Opposition to such a move by the President is obviously widespread, but unconvincing. Some have argued that such meetings would not be very popular, and might lose Havel support at home - support which might be important if in future the President is popularly elected. But since when has Havel chosen the most popular path in life? Sitting down with fools and fascists in June is certainly no worse than sitting down with the criminals he sat down with in 1989.
Other critics of this idea have claimed that by sitting down with the representatives of these parties, Havel would legitimise them. This argument is far off the mark, because what legitimises these parties and their leaders is the electorate. The President does not decide which parties will be in parliament, the voters do. The legitimacy of all freely elected parties comes from the citizens themselves. By meeting with them, Havel would only be recognising the voters' choice, not the platforms of these parties.
Some have said that there is simply nothing Havel can learn from Sladek and Grebenicek, so meetings with them would be unproductive. That is not the point, however. Havel would not meet with these two in order to gain knowledge but to acknowledge the choice of the citizens of the Czech Republic. The meetings would have symbolic value and say to the people: this is your choice and the state respects it.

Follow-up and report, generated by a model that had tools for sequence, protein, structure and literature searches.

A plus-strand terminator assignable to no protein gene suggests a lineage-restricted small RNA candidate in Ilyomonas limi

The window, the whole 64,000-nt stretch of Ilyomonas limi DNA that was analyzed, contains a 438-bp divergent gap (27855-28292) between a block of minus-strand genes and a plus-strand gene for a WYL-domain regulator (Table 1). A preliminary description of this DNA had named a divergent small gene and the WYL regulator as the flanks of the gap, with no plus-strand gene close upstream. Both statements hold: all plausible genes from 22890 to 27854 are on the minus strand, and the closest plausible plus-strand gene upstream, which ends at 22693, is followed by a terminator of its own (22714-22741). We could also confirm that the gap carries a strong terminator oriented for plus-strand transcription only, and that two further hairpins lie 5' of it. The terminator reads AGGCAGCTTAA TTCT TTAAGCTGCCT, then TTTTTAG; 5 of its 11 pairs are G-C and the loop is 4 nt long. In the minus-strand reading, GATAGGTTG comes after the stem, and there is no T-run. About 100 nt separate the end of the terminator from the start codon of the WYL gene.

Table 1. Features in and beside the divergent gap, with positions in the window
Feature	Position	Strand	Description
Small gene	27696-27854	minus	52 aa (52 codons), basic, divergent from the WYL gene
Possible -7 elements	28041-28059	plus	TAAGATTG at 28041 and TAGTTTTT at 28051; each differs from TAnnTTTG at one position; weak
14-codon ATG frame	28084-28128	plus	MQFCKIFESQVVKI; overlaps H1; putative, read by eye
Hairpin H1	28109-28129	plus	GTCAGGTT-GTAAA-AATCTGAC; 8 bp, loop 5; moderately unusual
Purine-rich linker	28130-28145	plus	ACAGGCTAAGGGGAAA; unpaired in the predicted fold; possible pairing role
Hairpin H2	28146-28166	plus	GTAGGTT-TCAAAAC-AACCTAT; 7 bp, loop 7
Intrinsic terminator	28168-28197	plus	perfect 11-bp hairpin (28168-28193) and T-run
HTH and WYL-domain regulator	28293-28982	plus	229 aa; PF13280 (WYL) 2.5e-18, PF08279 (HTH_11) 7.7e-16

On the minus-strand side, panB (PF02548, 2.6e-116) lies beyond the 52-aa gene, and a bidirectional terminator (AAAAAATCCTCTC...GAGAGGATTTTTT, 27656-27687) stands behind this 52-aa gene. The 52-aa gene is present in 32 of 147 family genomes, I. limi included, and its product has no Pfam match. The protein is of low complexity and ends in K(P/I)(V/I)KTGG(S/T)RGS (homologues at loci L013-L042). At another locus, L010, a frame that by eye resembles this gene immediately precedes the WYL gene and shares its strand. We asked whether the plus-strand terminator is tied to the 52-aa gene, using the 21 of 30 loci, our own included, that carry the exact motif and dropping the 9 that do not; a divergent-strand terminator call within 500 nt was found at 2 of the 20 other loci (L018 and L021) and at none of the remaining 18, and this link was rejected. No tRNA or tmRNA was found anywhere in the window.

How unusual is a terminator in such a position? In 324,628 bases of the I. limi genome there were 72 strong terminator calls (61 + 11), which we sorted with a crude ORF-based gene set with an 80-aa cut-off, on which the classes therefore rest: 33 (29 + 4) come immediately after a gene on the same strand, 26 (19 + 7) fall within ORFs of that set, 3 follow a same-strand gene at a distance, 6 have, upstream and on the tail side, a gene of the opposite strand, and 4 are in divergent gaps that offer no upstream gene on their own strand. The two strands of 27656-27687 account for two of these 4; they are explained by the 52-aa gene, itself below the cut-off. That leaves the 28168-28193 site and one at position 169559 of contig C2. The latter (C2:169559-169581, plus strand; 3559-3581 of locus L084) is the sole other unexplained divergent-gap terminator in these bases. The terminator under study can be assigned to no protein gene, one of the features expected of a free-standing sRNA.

Besides openly showing presidential recognition of the democratic process, such symbolic post-election meetings would perform another useful function for Czech politics and society. Republican and Communist voters belong to the most alienated segments of society. They are frustrated with the post-November developments for various reasons, but mostly because they do not feel a part of those developments. Their world has completely changed, and they express only anger and derision against a system which seems to be overlooking their concerns. Ignoring their legitimately elected representatives only heightens their sense of alienation.